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Monday, 27 July 2015

Ford, IBM defeat appeal over apartheid abuses -U.S. court | Reuters

Reuters reports that Ford (and IBM) have escaped liability for wrongs done to black South African workers from the 1970s to 1990s - the argument being, that the companies had responsibility for killings, torture and other abuses of human rights. The claimants had not shown that the companies engaged in enough wrongdoing to make them liable. Basically, their actions were limited to supplying equipment to the apartheid government and sharing information. The claim was brought under the Alien Tort Statute of 1879, which enables non-US citizens to claim damages in the US courts for human rights abuses committed abroad. From the reports, it seems that Frod's activity was much less obviously supportive of the regime than IBM's.

The latest judgment was an appeal court decision, and an appeal to the Supreme Court is under consideration.

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Sunday, 26 July 2015

US: Fiat Chrysler to face $105m record fine over recall failure - reports that FCA is facing a huge financial penalty and on-going supervision, following what NHTSA sees as inadequate performance over recent recalls of Jeep products. Automotive News also covers the story here.

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The benefits of TTIP to the industry - from the US side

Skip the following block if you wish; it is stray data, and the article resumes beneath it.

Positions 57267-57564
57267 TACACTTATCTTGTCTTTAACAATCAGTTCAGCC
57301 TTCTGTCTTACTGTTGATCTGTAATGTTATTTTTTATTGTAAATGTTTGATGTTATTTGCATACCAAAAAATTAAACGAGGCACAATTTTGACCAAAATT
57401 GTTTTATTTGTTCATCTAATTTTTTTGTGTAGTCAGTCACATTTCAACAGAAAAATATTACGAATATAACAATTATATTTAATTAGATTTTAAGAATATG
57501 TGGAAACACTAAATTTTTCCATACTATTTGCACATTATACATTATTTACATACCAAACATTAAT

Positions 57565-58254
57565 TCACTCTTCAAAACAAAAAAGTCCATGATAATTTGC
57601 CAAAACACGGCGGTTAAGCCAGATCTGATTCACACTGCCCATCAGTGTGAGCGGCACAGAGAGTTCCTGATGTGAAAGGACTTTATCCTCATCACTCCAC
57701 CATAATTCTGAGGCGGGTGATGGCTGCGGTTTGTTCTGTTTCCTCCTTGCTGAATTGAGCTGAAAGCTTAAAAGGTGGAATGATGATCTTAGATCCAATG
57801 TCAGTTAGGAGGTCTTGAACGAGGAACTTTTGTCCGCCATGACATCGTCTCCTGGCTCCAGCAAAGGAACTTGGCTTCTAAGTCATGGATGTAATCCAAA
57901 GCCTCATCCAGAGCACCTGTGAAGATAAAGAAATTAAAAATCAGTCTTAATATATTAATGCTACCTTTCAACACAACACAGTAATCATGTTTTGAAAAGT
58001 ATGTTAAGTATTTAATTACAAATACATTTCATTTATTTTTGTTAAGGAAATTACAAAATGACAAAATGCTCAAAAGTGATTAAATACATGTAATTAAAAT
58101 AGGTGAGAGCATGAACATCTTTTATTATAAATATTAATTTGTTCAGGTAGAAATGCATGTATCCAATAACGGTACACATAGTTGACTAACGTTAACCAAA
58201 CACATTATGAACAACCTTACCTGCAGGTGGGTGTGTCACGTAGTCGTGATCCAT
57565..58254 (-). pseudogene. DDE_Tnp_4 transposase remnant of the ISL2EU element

Industry goal in trade talks: Harmonized regs - is the title of a piece in Automotive News extolling the benefits to the motor industry of the Transatlantic Trade and Investment Partnership. It's a hugely controversial piece of legislation, of course, but the motor industry can be pretty sure that as far as it's concerned the agreement would be a Good Thing, and that harmonising technical legislation would bring benefits for all concerned.

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Friday, 24 July 2015

US: FCA recalls 1.4 million vehicles to install anti-hacking software

Automotive News reports that Fiat Chrysler has recalled 1.4 million cars in the US (and the report does not exclude the possibility of it extending to other territories) to have anti-hacking software installed. It comes shortly after reports of a Jeep vehicle having been "hacked" (from Wired, here). The prospect has clearly got FCA worried, and no doubt other manufacturers are no less uneasy. The Wired article demonstrates the possible extent of the problem, and now that car hacking is a recognised issue the manufacturers are going to have to work as hard as the software industry to keep on top of it. The most recent posting on this blog reposts an article from Automotive News that reports a legislative response to the problem, placing responsibility squarely on the vehicle manufacturers.